Meanwhile, while surveying for a canal in 1881, Captain J. Francis LeBaron, chief engineer of a detachment of the U.S. Army Corps of Engineers, discovered river pebble in the Peace River, just south of Fort Meade, Polk County. Analysis of samples of this pebble confirmed the presence of phosphate. This discovery, though, did not draw much attention at the time.
In 1886 John C. Jones and Captain W. R. McKee, of Orlando, discovered high-grade phosphate on land along the Peace River between Fort Meade and Charlotte Harbor while on a hunting trip. This led to the formation of a syndicate known as the Peace River Phosphate Company by Jones, McKee and a close group of associates. They devised a scheme whereby they could acquire as much land as they wanted while keeping land prices low. The group decided to tell local landowners that the roots of the saw palmetto bushes, that covered the land for miles around, were rich in tannic acid. Their story was to tell landowners that they intended to need to buy their land to remove the bushes and extract this tannic acid from the roots. They would then sell the land back to them for a song. Their plan worked so well that they had soon acquired forty-three miles of riverfront property.
Mining activity along the Peace River proceeded both in the river itself and on the adjacent land. So-called “river pebble mining” was the first to be exploited. In 1888, Arcadia Phosphate Company launched the first tentative mining operation in Bone Valley and made the first shipment of Peace River phosphate pebble about a year ahead of the Peace River Phosphate Company.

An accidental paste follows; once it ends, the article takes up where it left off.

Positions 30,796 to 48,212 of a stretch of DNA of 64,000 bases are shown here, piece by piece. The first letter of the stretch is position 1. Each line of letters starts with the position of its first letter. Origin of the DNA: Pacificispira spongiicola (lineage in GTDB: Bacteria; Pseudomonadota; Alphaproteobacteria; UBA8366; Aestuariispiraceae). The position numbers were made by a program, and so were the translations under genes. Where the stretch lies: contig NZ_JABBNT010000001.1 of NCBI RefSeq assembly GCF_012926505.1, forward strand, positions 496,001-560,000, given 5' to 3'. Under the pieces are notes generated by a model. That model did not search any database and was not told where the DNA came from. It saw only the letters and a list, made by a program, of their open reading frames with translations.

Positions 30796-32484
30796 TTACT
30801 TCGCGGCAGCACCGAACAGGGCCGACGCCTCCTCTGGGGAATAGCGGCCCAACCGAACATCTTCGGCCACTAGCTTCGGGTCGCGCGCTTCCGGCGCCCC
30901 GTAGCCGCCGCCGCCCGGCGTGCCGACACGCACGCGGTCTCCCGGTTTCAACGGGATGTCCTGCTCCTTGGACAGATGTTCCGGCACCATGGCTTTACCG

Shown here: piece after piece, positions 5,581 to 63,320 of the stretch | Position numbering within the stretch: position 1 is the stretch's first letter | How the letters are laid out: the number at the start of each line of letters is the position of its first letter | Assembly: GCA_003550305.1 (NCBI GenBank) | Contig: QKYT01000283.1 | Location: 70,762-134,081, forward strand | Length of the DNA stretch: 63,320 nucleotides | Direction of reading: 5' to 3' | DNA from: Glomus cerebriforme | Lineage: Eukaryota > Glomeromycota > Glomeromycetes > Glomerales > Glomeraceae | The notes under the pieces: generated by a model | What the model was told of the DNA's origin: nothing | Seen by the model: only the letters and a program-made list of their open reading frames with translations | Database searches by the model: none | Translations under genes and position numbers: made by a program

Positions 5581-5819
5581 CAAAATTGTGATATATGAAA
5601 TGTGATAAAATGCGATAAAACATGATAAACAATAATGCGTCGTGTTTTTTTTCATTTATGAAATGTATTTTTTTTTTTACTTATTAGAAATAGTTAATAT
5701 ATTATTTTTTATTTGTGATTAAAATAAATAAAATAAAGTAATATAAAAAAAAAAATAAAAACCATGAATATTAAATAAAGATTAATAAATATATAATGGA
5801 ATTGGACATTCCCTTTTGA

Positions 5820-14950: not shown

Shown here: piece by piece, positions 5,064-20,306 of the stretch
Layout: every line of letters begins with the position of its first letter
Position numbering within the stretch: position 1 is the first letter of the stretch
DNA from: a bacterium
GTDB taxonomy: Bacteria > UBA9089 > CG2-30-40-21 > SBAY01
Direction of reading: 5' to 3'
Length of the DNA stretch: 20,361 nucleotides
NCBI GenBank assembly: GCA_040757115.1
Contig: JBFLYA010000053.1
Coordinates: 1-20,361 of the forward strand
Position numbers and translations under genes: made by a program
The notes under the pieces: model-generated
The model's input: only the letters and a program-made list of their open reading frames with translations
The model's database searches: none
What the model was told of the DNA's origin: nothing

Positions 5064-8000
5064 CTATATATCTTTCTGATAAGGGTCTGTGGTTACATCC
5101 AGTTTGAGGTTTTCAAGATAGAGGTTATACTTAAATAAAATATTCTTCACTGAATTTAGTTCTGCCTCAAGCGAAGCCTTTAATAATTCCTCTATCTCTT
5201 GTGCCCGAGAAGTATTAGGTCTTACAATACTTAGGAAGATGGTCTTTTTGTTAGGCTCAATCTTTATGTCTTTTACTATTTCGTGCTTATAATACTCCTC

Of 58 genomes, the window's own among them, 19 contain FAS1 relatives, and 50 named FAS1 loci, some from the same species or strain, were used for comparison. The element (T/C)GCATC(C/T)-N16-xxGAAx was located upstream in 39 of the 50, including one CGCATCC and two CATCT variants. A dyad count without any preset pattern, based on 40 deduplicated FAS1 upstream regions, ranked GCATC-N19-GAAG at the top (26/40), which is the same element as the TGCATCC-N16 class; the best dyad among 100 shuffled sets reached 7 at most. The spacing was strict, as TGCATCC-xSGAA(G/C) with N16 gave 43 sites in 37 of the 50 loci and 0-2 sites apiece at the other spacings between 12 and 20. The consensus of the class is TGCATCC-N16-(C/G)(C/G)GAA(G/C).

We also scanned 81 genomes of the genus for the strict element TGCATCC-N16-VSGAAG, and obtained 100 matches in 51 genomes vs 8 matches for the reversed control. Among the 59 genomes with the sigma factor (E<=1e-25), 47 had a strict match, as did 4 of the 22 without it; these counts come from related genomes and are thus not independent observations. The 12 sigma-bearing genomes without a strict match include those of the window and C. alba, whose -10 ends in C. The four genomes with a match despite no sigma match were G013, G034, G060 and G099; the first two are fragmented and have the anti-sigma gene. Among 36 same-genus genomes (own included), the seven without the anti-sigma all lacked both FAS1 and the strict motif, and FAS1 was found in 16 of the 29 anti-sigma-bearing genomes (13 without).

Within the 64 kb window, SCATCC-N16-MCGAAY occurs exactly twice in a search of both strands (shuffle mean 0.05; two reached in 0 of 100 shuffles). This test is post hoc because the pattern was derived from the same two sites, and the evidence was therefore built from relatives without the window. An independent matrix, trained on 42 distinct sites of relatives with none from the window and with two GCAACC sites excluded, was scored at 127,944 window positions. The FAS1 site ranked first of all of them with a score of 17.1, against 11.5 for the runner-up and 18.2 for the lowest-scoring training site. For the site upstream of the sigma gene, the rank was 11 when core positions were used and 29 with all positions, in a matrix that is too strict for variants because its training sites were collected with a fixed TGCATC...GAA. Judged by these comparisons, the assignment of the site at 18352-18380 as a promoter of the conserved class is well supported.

The Peace River Phosphate Company and DeSoto Phosphate Company came in 1889, but this phosphate discovery was kept relatively quiet. Rumors of phosphate in Central Florida spread, drawing prospectors and even a New York newspaper reporter. The reporter was told there was no phosphate, and his newspaper published the story.
As a result, Polk County’s phosphate deposit took a back seat the first 15 years to the hard rock region to the north, and the men who gave the reporter the misinformation were buying all the central Florida land they could afford.